17. the tip about replacing the hoses on the washing machine also applies to the flex hoses on flick mixer sink taps too they have a tag with a manufacture date on them they also have a replacement date if your hoses haven’t been checked regularly by a plumber and replaced by the due date no insurance for burst pipes. they are the most common cause of water damage in kitchen and bathroom cabinetry.

    1. Katie Berry says:

      Great point. Thank you!

  18. I have a cinderblock building that we have insulated and finished the walls with Sheetrock. Every year we have a powdery green mildew, I presumed, form on the walls during winter and early spring. We do not have heat or air in the building and only use it during summer trade. What can we do to prevent this from occurring and best way to remove and treat.

    1. Katie Berry says:

      Hi Junell,
      The only real way to stop that mildew from forming is with adequate air circulation. Without it, any moisture in the air will collect on the walls and cause mildew and possibly mold, too.

  19. Do you use hot water in both recipes, or.just.the one for stubborn stains? Thanks!

    1. Katie Berry says:

      Hi Kay,
      Hot water is for the first mold killer recipe only. I’ve updated the stubborn mold killer recipe to indicate that it needs cold water. That’s because hot water makes the active ingredients in chlorine bleach ineffective, and also increases the risk you’ll inhale harmful fumes. Hope that helps!

    2. Thank you so much Katie, I appreciate your help. I’m glad I asked because I would of used hot water in both.

    3. Katie Berry says:

      I’m happy to have helped, Kay, and apologize I wasn’t more clear the first time.

  20. I have a home on stilts near the bay. Only in the last 6 months has what appears to be mold began to grow in our very tiny hallway off the bathroom. Is this from moisture from the bathroom? Why now?

    1. Katie Berry says:

      It’s hard to answer “why now.” It could be a variety of things, like a warmer season this year or less wind circulating the air, which would let mold and mildew grow.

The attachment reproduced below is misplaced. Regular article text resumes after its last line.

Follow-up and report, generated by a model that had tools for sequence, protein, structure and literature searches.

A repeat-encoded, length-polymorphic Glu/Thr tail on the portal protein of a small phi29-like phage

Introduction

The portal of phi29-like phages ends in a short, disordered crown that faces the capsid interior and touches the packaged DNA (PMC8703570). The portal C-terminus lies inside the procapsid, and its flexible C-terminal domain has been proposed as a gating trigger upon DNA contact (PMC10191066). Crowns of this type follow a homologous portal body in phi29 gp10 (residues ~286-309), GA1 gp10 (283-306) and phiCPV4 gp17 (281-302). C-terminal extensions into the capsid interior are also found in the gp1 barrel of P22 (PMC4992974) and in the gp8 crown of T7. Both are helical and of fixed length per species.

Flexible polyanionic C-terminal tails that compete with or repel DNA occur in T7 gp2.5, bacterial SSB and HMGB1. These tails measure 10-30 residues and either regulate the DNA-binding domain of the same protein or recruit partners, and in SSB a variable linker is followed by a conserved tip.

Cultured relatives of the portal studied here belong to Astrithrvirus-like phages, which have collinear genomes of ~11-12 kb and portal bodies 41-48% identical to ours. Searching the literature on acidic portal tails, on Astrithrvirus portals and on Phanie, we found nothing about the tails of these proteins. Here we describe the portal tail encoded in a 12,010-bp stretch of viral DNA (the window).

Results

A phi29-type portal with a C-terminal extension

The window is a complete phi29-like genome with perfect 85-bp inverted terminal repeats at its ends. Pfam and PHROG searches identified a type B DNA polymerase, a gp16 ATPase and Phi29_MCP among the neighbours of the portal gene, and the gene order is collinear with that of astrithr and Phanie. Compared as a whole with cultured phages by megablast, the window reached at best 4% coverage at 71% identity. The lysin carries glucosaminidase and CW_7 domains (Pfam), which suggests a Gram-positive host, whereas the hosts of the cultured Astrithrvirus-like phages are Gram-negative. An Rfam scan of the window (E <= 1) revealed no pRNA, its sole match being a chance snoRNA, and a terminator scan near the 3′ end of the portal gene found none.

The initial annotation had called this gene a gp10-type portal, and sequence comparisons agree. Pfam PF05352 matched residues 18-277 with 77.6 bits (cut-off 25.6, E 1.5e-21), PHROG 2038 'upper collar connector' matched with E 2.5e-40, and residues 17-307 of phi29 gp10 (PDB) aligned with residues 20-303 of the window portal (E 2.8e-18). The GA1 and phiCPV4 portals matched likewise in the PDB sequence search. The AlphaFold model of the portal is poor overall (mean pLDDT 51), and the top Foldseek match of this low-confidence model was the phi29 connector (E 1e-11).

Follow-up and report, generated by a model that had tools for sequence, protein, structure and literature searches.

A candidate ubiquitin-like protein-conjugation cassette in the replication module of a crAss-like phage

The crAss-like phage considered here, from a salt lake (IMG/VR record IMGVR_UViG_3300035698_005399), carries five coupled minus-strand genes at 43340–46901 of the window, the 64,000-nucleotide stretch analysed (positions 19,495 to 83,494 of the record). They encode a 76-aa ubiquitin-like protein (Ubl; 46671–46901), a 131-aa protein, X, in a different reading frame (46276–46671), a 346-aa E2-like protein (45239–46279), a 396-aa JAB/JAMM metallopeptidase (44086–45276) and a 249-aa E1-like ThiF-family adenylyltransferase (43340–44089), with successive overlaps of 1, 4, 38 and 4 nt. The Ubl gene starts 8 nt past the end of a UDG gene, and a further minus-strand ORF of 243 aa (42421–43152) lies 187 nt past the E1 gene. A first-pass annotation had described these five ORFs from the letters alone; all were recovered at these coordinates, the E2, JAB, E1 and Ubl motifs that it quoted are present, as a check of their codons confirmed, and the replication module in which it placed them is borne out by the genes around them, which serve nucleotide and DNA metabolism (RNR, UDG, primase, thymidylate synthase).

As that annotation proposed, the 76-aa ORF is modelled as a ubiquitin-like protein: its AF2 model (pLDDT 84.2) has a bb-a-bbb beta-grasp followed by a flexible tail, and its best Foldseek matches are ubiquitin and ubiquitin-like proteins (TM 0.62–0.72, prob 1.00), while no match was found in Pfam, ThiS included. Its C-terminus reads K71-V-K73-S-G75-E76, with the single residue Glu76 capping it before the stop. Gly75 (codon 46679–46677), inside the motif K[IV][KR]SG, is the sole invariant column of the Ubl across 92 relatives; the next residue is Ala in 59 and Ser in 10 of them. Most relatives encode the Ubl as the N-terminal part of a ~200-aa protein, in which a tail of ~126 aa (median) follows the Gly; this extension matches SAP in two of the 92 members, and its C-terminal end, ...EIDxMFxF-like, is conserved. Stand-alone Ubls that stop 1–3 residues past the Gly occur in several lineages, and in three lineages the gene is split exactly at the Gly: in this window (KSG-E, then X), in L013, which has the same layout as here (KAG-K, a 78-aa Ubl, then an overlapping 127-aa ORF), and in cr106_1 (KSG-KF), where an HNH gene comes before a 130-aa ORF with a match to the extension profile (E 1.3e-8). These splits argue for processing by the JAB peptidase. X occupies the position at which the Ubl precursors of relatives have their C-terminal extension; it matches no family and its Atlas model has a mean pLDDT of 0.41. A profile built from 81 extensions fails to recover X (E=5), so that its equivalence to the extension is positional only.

21. Katrina wardrop says:

    Hi I’m desperate I’m 77 just lost my hubby. I live in England. And everything seems to be falling apart around my home , I’m pretty good at coping but the biggest problem is my utility room my washing machine, dryier fridge freezer, and boiler is in there.I’m south facing so the sun gets in there all through spring and summer but once November till March my wall wall statute covering in black dust which I can wipe I’d but behind washing machine etc, the walls are black I open my window as soon as I get up and shut it around 6pm. I had something fitted to my window which you can open and shut I leave this open all the time.my hubby would deal with this as I can’t bend through osteoarthritis but he’s not here and I’m afraid to trust anyone in the house and I have money for professionals please please can you advise. Thank you katrina

    1. Katie Berry says:

      Hello Katrina,
      First, let me extend my condolences on your loss. It is a horrible thing to have happened, and I know how overwhelming it can be trying to figure things out and move forward.

      With respect to your utility room, your second comment (not posted) indicated that you didn’t want to hire professionals. So, the suggestions which follow are ideas you can try on your own.

      It sounds as if you’ve got plenty of ventilation in there if you’re opening the utility room window that often. Since that’s the case, I suspect the black dust you’re seeing is carbon exhaust from the boiler. (And the timing of November through March, when one would run the furnace due to the chill) seems to support that.

      So, I’d recommend looking up your boiler’s operating manual online and find out how to replace the filter. A clogged filter would cause the exhaust to vent in your utility room, so changing to a fresh one might solve your problem. While you’ve got the manual in front of you, read up on how often the filter needs to be changed and any other maintenance tasks they recommend homeowners do on their own. Also, make sure the boiler isn’t crowded by other things in the utility room, since it needs plenty of space to intake air.

      Best wishes,
      Katie

  22. Arnel Abano says:

    Hello, you mentioned that sunlight helps rid of mold? If I have an area that does not get direct sun, can I use a UV light to replace the sunlight?

    1. Katie Berry says:

      You can certainly try it, especially if it puts out heat since that reduces the moisture which mold needs to thrive.